"France’s soft power has no doubt seen a boost with the defeat of the Front National and election of its youngest ever president, Emmanuel Macron," the report, published by PR company Portland Communications, read.
According to the report, France's greatest strength lies in its "vast diplomatic network," as the country is "unrivalled" in terms of its membership in international and multilateral organizations, and its cultural and diplomatic missions.
"And with Macron having long campaigned for cooperation and integration, it is not unreasonable to expect France’s global engagement and influence to grow," the report noted.
At the same time, the French president's digital savvy "had been critical" to the success of France in the 2017 Soft Power 30.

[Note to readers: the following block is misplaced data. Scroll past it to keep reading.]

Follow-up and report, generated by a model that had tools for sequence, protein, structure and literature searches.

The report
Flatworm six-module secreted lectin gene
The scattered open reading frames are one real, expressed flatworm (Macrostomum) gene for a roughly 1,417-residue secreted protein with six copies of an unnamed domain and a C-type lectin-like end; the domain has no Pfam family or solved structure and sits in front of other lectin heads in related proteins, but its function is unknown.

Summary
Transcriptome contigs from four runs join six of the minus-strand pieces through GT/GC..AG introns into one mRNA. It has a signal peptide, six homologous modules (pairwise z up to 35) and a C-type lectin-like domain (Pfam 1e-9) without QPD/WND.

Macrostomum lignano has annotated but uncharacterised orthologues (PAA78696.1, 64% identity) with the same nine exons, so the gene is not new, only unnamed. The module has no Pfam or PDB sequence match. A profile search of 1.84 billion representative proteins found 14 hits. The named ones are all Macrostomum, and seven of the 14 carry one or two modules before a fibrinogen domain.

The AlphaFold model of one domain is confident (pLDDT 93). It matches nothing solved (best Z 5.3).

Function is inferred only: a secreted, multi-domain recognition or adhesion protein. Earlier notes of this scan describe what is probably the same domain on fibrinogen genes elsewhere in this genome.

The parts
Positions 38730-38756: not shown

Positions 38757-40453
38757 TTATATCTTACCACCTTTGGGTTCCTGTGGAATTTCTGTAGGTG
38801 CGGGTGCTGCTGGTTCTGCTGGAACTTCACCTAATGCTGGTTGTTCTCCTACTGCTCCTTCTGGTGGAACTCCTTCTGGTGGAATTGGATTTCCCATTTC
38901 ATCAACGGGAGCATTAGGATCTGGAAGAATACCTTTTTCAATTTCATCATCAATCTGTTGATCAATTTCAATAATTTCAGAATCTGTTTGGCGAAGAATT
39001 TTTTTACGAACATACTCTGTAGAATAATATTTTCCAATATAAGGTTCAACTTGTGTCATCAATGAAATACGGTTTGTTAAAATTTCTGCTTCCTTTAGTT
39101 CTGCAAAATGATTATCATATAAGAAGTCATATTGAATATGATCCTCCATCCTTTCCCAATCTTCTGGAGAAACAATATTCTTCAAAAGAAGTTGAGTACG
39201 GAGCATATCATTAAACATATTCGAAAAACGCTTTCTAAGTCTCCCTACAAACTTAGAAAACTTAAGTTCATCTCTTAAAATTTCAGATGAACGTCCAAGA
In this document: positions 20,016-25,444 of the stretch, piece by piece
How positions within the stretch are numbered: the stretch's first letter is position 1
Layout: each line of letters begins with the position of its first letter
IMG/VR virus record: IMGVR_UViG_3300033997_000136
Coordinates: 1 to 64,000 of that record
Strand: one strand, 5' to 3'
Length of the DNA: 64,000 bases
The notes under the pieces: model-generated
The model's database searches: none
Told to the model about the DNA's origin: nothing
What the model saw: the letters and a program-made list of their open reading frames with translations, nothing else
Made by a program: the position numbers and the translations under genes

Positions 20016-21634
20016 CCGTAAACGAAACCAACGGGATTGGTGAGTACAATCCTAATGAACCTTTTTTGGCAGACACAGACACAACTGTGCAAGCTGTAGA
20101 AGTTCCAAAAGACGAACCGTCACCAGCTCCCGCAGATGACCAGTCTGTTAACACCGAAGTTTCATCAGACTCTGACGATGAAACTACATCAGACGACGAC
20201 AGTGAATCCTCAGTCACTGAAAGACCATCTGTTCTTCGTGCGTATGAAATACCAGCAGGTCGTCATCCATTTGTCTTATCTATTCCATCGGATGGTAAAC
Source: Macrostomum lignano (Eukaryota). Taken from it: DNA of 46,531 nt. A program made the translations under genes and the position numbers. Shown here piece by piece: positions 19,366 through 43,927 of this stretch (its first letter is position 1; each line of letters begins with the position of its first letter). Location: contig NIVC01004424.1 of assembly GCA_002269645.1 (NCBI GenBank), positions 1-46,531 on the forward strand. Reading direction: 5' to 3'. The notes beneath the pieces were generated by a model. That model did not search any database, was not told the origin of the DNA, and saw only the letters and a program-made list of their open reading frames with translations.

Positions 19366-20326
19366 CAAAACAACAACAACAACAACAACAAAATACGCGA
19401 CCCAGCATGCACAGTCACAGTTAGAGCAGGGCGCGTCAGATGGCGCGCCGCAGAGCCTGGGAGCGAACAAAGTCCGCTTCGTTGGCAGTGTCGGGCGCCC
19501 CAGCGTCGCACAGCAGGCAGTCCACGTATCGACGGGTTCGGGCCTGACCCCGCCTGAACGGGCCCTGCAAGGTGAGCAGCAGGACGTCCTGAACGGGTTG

"He follows in the footsteps of [Canadian Prime Minister Justin] Trudeau and [President of Argentina Mauricio] Macri, who each used social media to galvanise their domestic and international audiences while riding a wave of popularity to electoral victory. But like Trudeau and Macri, Macron faces the challenge of maintaining momentum… Macron should be working hard to keep his audiences excited," the report read.
The "soft power" concept, which was first coined by US academic Joseph Nye, is a state's ability to build international alliances, and persuade others and shape their long-term attitudes through a country's appeal and attraction, rather than through the use of force or coercion. For example, a state can project its soft power through universities and civil society institutions, as well as culture, ideas and values.